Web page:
This is a haunting and lyrical evocation of Burma. There are seductive descriptions of the beautiful sights of town and countryside. As a piano tuner, Drake is particularly sensitive to sound and the description of notes and tunes are wonderful and exotic. Mason uses a particularly interesting technique of reporting some dialogue as though it were stream of consciousness.

Beautiful magic. August 2013; 348 pages

"Spain 1469 - 1714" by Henry Kamen

Spain was unified under the joint monarchy of Ferdinand of Aragon and devout Isabel of Castille. Their rule was so unified that everything was officially done jointly, even if they were apart: one day it was reported that "the king and queen ... gave birth to a daughter". The secret of their monarchy was that they travelled ceaselessly: their mediaeval style of monarchy depended upon the visibility of the monarch(s). In their annus mirabilis of 1492 they completed the Christian reconquest of the peninsula by capturing Granada, they expelled the Jews, and Columbus discovered America on their behalf.

But their only surviving daughter, Juana, had married a Habsburg and was mentally unstable. On the death of her husband she went completely bonkers. So the throne passed to her 17 year old son Charles who was also Holy Roman Emperor and ruler of Naples and the Netherlands. With Spanish America, Spain was now a super-power, although one whose empire was inherited rather than deserved. The heartland of Castille was simply not rich enough to sustain the imperial demands. Gold and Silver from the Americas helped Charles balance the books but a financial disaster was waiting to happen.

When Charles' son Philip (who had once been married to Mary of England) became king he immediately restructured his debts. Although he no longer ruled the Holy Roman Empire, which had been passed to Charles' brother, Philip still ruled the Netherlands which now revolted. The costs of fighting this rebellion spiralled. Despite adding Portugal to his realm (another dynastic inheritance although one he had t, briefly, fight for) Philip went bankrupt. More than once. The destruction of the Spanish Armada didn't help.

Financial instability continued under his heirs; the country continued to decline. The last Habsburg king was the victim of genetic in-breeding: his jaw protruded so much that he found it difficult to eat and he was probably infertile and possibly impotent. He had no legitimate heirs of his own body so he bequeathed the throne to the French Dauphin and so started the War of Spanish Succession. This ended with the loss of most of the rest of Spain's European possessions so the new Bourbon dynasty was able to concentrate on rebuilding the land.

Thus a patchwork of mediaeval states became an accidental empire which declined into a nation state. This fascinating tale rarely flags. There is so much of interest; much is relevant today. The concept of convivienza, for example, in which Spanish Moors and Jews coexisted with the Catholic population was replaced with the racist limpieza de sangre (cleanliness of blood); even converted Moslems and Jews were persecuted. The medieval monarchy was based upon personal rule but the Hapsburg Empire had to develop bureaucratic and ministerial rule. And a country receiving previously unheard of wealth from the New World plunged into debt and inflation.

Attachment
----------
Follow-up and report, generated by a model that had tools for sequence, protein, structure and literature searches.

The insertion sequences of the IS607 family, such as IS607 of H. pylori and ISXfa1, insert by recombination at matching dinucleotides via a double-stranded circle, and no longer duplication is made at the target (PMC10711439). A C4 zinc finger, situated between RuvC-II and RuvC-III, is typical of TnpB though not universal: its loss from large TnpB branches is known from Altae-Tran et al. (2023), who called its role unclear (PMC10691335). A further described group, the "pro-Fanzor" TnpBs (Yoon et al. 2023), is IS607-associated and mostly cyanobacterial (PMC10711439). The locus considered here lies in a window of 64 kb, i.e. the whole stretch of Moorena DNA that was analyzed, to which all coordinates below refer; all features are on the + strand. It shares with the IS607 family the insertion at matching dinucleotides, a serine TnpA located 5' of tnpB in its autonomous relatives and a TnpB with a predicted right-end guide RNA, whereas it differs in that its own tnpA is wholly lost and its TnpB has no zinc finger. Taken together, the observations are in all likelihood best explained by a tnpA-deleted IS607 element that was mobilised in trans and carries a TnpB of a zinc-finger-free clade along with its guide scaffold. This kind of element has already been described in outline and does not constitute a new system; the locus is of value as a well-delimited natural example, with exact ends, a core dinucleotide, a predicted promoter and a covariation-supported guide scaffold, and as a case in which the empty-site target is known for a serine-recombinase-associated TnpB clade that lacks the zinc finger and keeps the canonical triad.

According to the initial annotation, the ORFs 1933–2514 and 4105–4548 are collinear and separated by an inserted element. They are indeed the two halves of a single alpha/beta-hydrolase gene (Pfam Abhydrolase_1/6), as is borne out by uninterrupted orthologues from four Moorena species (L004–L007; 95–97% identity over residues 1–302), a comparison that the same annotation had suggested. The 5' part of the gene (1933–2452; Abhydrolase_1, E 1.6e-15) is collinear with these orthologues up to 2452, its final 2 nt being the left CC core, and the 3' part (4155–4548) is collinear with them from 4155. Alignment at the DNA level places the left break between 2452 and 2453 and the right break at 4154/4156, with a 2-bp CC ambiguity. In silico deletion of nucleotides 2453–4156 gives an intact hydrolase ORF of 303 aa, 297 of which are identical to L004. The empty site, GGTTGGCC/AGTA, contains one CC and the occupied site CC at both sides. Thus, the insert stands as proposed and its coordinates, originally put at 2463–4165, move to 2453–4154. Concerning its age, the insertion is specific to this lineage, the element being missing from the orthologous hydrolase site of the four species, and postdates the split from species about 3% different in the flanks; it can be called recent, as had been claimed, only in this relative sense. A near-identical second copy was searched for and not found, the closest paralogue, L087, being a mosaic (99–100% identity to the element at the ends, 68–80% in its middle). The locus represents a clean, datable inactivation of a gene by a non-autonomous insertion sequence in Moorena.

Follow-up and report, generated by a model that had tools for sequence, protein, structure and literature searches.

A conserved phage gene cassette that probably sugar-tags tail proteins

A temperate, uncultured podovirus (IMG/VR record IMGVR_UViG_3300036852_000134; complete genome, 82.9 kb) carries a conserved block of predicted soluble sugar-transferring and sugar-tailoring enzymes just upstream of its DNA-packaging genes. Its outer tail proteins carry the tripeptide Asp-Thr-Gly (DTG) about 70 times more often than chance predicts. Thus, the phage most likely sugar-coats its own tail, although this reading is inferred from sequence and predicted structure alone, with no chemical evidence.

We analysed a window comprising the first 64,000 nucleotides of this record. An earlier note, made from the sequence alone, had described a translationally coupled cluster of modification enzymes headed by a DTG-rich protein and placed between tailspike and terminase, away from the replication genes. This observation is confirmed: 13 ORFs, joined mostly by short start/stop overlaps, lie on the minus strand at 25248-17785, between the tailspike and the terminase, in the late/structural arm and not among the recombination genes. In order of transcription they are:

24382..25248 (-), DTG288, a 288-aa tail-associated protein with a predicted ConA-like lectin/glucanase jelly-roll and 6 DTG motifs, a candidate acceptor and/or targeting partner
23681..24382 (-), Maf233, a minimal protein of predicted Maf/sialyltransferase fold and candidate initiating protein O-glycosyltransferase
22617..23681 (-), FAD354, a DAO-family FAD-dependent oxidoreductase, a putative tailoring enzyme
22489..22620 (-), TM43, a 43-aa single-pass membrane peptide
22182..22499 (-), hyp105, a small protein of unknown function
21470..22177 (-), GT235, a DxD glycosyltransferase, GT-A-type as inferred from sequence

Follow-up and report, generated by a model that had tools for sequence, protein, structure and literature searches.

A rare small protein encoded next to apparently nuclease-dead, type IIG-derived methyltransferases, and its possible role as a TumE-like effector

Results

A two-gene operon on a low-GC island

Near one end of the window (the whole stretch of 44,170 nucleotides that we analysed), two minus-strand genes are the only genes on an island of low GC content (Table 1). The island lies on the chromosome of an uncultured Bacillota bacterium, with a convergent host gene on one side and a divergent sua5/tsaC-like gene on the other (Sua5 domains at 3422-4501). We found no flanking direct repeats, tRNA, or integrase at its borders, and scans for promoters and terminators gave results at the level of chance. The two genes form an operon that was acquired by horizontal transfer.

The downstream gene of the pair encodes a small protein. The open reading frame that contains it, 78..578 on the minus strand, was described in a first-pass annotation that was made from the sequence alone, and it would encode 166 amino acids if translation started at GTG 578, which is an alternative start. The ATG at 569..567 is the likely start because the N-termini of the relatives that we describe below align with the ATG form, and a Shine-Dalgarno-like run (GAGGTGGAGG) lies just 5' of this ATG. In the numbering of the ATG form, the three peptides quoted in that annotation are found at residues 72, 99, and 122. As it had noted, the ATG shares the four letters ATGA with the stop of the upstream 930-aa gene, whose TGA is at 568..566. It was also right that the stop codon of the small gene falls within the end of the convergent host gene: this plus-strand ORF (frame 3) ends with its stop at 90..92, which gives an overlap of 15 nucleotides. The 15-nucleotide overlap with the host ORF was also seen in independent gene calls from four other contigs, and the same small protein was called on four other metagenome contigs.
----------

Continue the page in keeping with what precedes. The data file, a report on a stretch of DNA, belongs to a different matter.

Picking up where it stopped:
A wonderful tale, well told. August 2013; 275 pages

"The Guardian" by Nicholas Sparks

Newly widowed Julie has to choose between sophisticated engineer Richard and late husband's best friend, grease monkey Mike. Singer, the dog bequeathed by the late husband, obviously prefers Mike to Richard and we all know dogs can't be wrong about things like that because they have instinct. Then on page 16 Julie thinks of Mike while showering: "Now there was a guy who would make some woman happy one day."

If you are going to use a cliché to signal your happy ending you might as well do it before too many pages have gone. You wouldn't want your readers to suffer suspense, would you?

Singer keeps growling at Richard and Julie begins to worry why she doesn't feel anything for him, despite his charm. Obviously he is bad news. Then on page 93 Richard asks Julie why she is not wearing a locket he has given her. He has a "plastic expression" but he suddenly "seemed to snap out of the spell he'd been under". He is clearly a classic weirdo.

Many authors would now play with your beliefs. They would offer alternative villains. They would suggest alternative reasons for Richard's behaviour. Richard might do something truly altruistic. Not Sparks. By page 140 Julie is in love with Mike (no surprises there), by page 177 we suspect Richard killed his father, on page 206 he beats up two kids with a baseball bat and then pretends they stabbed him so they go to jail instead of him.